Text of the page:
Highlights in DD


  • Julie C. Kiefer

“Highlights” calls attention to exciting advances in developmental biology that have recently been reported in Developmental Dynamics. Development is a broad field encompassing many important areas. To reflect this fact, the section spotlights significant discoveries that occur across the entire spectrum of developmental events and problems: from new experimental approaches, to novel interpretations of results, to noteworthy findings utilizing different developmental organisms.

Grape expectations (Fibroblast growth factor 9 signaling inhibits airway smooth muscle differentiation in mouse lung by Lan Yi, Eric T. Domyan, Mark Lewandoski, Xin Sun, Dev Dyn238:123–137) Mammalian lungs have a characteristic “bunch of grapes” morphology: the lungs are stems, its proximal end adjacent to bronchioles, and distal end closest to grape-shaped terminal sacs. Evidence suggests that localization of differentiated airway smooth muscle cells (SMCs) in the proximal, but not distal, lung is critical for organ function. Previous work showed that development of SMCs in the mesenchyme is regulated by FGF9 signaling from inner epithelial and outer mesothelial layers. With the low hanging fruit already picked, Yi and colleagues further tease apart the genetics of SMC development and differentiation. They show that knockout mice lacking Fgf9, or Fgf receptors 1 and 2 (Fgfr1;2) from lung mesenchyme both have ectopic airway SMCs in distal mesenchyme, suggesting FGF9 signals through FGFR1;2 to keep differentiated SMCs from the distal lung. Where do ectopic SMCs come from? Reduced Fgf10 expression in the distal mesenchyme, a marker for SMC precursors, suggests ectopic SMCs arise from precocious differentiation of progenitors. They further present genetic and pharmacological data demonstrating that SHH works in a pathway parallel to FGF9 to promote SMC differentiation. Tell it through the grapevine, their work suggests that FGF9 has dual functions: first to promote SMC precursor proliferation, and second to inhibit SMC differentiation from the distal lung.

Wringing out the truth (Dynamic organization and plasticity of sponge bodies by Mark J. Snee, Paul M. Macdonald, Dev Dyn238:918–930) Sponge bodies, cytoplasmic structures found in Drosophila egg chamber germline cells, are so named for their resemblance to a porous cleaning sponge. These ill-defined structures are thought to be akin to P-bodies, sites of mRNA storage, degradation, and posttranscriptional regulation. This idea is bolstered by Snee and Macdonald's discovery that sponge bodies bear four of six posttranscriptional regulators tested; of these regulators, Bru is enriched in nurse cells, and Orb in the oocyte. Close observation revealed that bodies exchange these components quickly, within 1 min. after entry into the oocyte from interconnected nurse cells. This finding is the first indication that sponge bodies are dynamic. The second indication is the bodies' dramatic morphological transformation under varying environmental conditions. Porous, “dispersed bodies” predominate when females are given food that favor egg-laying, while “reticulated bodies” predominate in virgins, and in females fed more standard fare. The third indication is that photobleaching experiments suggest Stau::GFP, and presumably associated oskar mRNA, moves transiently through sponge bodies as it makes its way to the posterior egg chamber as it matures. While some scrubbing sponges are made from cellulose, these data cleanly show that these sponge bodies are plastic.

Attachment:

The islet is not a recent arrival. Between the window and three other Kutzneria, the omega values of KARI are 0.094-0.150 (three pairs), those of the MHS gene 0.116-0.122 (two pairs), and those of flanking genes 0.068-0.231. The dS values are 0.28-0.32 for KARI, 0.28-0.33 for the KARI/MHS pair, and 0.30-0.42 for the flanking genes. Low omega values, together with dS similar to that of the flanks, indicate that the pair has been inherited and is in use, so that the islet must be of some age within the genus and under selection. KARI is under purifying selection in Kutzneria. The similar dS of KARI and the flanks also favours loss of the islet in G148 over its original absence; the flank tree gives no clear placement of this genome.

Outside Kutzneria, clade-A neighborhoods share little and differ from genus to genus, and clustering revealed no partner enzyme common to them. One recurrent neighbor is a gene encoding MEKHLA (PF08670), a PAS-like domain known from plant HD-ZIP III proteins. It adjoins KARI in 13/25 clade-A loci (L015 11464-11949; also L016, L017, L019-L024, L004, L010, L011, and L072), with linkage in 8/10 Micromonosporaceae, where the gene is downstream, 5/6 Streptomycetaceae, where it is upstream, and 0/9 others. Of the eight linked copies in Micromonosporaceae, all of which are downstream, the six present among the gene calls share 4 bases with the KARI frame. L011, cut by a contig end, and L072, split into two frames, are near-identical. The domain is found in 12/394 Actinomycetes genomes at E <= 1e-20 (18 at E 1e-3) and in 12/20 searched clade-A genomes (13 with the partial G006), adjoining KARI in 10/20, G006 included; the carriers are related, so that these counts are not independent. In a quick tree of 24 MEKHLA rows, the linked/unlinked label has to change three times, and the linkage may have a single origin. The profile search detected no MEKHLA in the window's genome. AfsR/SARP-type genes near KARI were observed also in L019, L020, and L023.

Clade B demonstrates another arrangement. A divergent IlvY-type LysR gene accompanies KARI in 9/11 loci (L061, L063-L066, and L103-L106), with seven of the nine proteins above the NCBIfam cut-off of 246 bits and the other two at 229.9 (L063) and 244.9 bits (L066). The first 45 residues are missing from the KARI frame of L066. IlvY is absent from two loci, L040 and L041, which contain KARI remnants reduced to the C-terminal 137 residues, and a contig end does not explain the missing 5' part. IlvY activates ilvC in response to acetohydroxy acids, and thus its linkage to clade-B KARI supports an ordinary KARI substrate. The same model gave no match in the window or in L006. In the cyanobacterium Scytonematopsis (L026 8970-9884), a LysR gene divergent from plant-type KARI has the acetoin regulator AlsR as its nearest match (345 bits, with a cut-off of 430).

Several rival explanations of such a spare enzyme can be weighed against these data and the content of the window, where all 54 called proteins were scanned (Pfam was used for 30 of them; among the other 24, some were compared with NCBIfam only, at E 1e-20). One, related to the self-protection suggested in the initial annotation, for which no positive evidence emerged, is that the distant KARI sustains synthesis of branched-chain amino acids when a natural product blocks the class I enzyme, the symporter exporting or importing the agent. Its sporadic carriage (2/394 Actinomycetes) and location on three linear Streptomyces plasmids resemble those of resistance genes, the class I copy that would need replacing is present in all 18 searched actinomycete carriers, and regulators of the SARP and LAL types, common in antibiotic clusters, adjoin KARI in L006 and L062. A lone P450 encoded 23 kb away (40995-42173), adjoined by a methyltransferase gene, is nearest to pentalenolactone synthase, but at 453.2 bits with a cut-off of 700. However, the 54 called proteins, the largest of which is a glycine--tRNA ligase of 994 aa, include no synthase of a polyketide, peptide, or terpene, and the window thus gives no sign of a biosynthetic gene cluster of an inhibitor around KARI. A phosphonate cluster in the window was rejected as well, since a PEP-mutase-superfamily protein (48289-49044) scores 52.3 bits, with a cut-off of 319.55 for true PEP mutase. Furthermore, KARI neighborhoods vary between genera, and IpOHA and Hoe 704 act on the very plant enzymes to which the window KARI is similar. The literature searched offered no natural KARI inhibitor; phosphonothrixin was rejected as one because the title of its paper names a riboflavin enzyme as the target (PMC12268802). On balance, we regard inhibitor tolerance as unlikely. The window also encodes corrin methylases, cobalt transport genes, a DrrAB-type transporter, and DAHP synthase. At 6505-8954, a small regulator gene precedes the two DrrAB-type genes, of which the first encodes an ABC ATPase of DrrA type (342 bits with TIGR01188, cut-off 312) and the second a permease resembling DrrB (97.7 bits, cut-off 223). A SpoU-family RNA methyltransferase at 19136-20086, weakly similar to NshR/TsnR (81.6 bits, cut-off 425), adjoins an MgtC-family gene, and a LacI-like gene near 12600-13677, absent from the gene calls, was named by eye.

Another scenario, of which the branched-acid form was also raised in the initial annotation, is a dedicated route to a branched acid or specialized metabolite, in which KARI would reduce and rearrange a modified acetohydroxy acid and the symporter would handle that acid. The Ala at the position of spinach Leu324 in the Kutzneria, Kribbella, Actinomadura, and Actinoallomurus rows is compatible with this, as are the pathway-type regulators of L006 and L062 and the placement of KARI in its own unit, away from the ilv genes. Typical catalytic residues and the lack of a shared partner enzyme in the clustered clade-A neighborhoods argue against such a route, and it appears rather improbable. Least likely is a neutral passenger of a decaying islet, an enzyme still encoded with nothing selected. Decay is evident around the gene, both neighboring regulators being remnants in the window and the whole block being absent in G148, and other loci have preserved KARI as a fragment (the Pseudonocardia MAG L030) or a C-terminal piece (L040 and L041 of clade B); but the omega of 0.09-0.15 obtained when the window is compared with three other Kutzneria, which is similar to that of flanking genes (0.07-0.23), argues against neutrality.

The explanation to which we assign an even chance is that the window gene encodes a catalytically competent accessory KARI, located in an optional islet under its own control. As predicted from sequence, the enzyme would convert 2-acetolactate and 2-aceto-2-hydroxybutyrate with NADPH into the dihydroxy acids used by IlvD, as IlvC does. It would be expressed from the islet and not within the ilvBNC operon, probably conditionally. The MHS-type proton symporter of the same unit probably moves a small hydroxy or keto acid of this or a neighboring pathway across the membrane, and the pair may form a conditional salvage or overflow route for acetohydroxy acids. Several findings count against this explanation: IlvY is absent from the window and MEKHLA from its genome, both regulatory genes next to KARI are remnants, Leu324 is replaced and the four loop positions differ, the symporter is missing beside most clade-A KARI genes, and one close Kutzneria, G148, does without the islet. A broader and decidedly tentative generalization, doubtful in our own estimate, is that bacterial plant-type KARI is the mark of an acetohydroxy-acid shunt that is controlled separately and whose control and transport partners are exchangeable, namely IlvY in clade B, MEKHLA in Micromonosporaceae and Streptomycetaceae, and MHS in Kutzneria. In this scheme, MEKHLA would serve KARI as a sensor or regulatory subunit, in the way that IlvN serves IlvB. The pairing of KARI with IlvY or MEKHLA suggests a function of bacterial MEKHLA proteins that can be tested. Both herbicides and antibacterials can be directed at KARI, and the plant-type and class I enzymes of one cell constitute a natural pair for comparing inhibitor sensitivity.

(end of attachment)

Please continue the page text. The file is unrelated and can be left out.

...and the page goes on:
Magnetic method (Ex vivo magnetofection: A novel strategy for the study of gene function in mouse organogenesis by Terje Svingen, Dagmar Wilhelm, Alexander N. Combes, Brett Hosking, Vincent R. Harley, Andrew H. Sinclair, Peter Koopman, Dev Dyn238:956–964) Most developmental biologists are familiar with the headaches of mouse transgenics: it is expensive, time-consuming, and technically challenging. Other gene transfer techniques, such as electroporation, can also be impractical or ineffective depending on experimental conditions. Koopman and colleagues have found that magnetofection is a viable alternative for their organ system, explanted genital ridges. With this technique, DNA is bound to magnetic particles, injected into the tissue of interest, and pulled into cells when placed next to a magnetic field. As proof-of-principle, genetic and morphological signs of sex reversal were triggered by magnetofection-induced ectopic expression of Sry in XX genital ridges, and by small interfering RNAs (siRNAs) against Sox9 in XY ridges. Using magnetofection, the authors misexpressed the Sertoli cell–specific Tmem184a in XX genital ridges, which is thought to promote the spermatogonia pathway in germ cells. Germ cells were prevented from entering meiosis—a prerequisite for female germ cell development—providing a mechanism of action for the gene. Although only 20% of genital ridges expressed introduced constructs, efficiency may improve with further experimental refinement. For those seeking a new way to alter gene expression in a developmental system, the pull of magnetofection may be hard to resist.